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CIOs seek the path to big strategic goals and objectives, survey shows


Respondents at the IT director level and above at organizations with 1,000+ employees took part in a survey conducted by Red Hat through IDG Research Services. The survey was based around the current and future roles of CIOs. It brought forth some of the obstacles that need to be conquered before true IT and business integration can be acquired. David Deans, managing editor and publisher of the Business Technology Roundtable blog, provides his insight as to how the survey results should be translated:

“The survey results provide insight into the progress IT leaders have made in assuming more strategic roles — as well as into the challenges they continue to face — but also raises fundamental questions about how CIOs can best drive business innovation within their companies.
Moreover, these latest study findings further suggest that getting the business and IT together may take something as fundamental as totally rethinking the roles and responsibilities of the CIO position itself.”

The Results

One of the top five areas of focus for many CIOs and IT executives is “improving IT operations/system performance” and “implementing new systems and architectures.” Putting to the side the daily demands, the survey respondents (45%) also noted their engagement in aligning IT initiatives with business goals. The IT executives were asked what they would like to spend the majority of their time on in the next three to five years, and the results varied:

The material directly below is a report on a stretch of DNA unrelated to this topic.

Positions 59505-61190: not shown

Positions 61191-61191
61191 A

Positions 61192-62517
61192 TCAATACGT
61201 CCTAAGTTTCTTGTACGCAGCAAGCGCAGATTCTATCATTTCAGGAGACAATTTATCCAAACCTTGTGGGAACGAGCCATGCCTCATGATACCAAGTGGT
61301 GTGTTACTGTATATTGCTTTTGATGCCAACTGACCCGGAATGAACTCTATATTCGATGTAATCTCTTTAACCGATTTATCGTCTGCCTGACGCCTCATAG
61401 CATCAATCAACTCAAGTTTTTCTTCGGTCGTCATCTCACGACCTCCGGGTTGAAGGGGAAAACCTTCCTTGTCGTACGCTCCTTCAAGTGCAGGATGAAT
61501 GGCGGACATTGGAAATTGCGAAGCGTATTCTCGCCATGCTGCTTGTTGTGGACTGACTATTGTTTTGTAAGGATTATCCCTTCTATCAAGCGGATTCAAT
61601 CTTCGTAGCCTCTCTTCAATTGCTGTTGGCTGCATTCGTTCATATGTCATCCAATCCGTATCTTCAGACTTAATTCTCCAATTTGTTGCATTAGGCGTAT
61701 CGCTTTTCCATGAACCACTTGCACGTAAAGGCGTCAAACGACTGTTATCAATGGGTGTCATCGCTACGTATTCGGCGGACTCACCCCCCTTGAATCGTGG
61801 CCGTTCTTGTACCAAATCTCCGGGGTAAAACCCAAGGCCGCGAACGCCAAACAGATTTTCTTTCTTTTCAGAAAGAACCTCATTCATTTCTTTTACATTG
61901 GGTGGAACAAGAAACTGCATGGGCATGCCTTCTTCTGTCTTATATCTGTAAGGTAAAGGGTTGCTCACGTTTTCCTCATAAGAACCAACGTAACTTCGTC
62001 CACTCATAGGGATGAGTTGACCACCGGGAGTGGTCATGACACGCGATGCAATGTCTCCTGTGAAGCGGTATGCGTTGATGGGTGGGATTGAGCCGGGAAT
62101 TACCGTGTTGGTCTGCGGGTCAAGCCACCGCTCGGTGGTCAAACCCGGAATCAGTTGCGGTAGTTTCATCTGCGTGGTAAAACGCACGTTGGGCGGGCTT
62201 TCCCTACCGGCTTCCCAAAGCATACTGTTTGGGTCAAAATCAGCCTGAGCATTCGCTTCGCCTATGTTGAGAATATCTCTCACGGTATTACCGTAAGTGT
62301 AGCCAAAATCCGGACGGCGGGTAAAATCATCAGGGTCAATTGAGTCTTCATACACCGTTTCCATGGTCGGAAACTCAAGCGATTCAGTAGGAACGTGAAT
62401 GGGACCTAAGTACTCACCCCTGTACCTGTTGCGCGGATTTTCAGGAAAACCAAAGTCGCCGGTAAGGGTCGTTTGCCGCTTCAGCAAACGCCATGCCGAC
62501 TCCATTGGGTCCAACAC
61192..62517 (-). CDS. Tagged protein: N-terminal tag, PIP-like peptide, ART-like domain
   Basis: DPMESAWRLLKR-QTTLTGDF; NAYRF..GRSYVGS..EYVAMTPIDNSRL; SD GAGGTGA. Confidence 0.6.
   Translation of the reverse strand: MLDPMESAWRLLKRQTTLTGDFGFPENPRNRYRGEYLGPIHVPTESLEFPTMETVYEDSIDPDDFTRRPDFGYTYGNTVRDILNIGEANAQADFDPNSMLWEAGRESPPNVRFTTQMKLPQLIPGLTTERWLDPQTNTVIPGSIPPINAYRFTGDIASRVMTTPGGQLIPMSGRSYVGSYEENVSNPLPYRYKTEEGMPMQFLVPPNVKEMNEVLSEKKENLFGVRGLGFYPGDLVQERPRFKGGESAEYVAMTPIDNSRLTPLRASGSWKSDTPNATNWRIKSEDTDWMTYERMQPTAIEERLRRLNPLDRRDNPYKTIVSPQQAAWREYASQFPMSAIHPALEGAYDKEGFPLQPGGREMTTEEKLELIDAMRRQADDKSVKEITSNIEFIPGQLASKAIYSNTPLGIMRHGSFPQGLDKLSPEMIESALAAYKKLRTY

• 48% – Competitive Differentiation
  • 42% – Cultivate the IT / Business Partnership
  • 41% – Drive business innovation
  • 35% – Align IT initiatives with business goals
  • 32% – Develop and refine business strategy

The results showed an interesting comparison, 78% of the respondents responded “excellent” or “good” as their knowledge of business. However, when they were asked if their budget available would be able to support the new business ideas, 57% of participants rated their available budget as “fair” or “poor,” and 62% rated their staffing levels as “fair” or “poor.”

Now how does alignment for business/IT come into play? The survey showed that business champions initiate IT projects by approaching IT more frequently (77%). On the other side, it showed 68% believe IT approach business. To further the descriptive nature of the survey, we learn that IT and business only align, working together on new projects, about 16% of the time. It clearly shows the need to push business and IT together in order to change perceptions and meet their full potential.

Read the original Blog post here:

About Annaliese Olcott

Annaliese Olcott is a staff writer for CAI's AITS. She is an intern at Computer Aid Inc., majoring in business at Shippensburg University.

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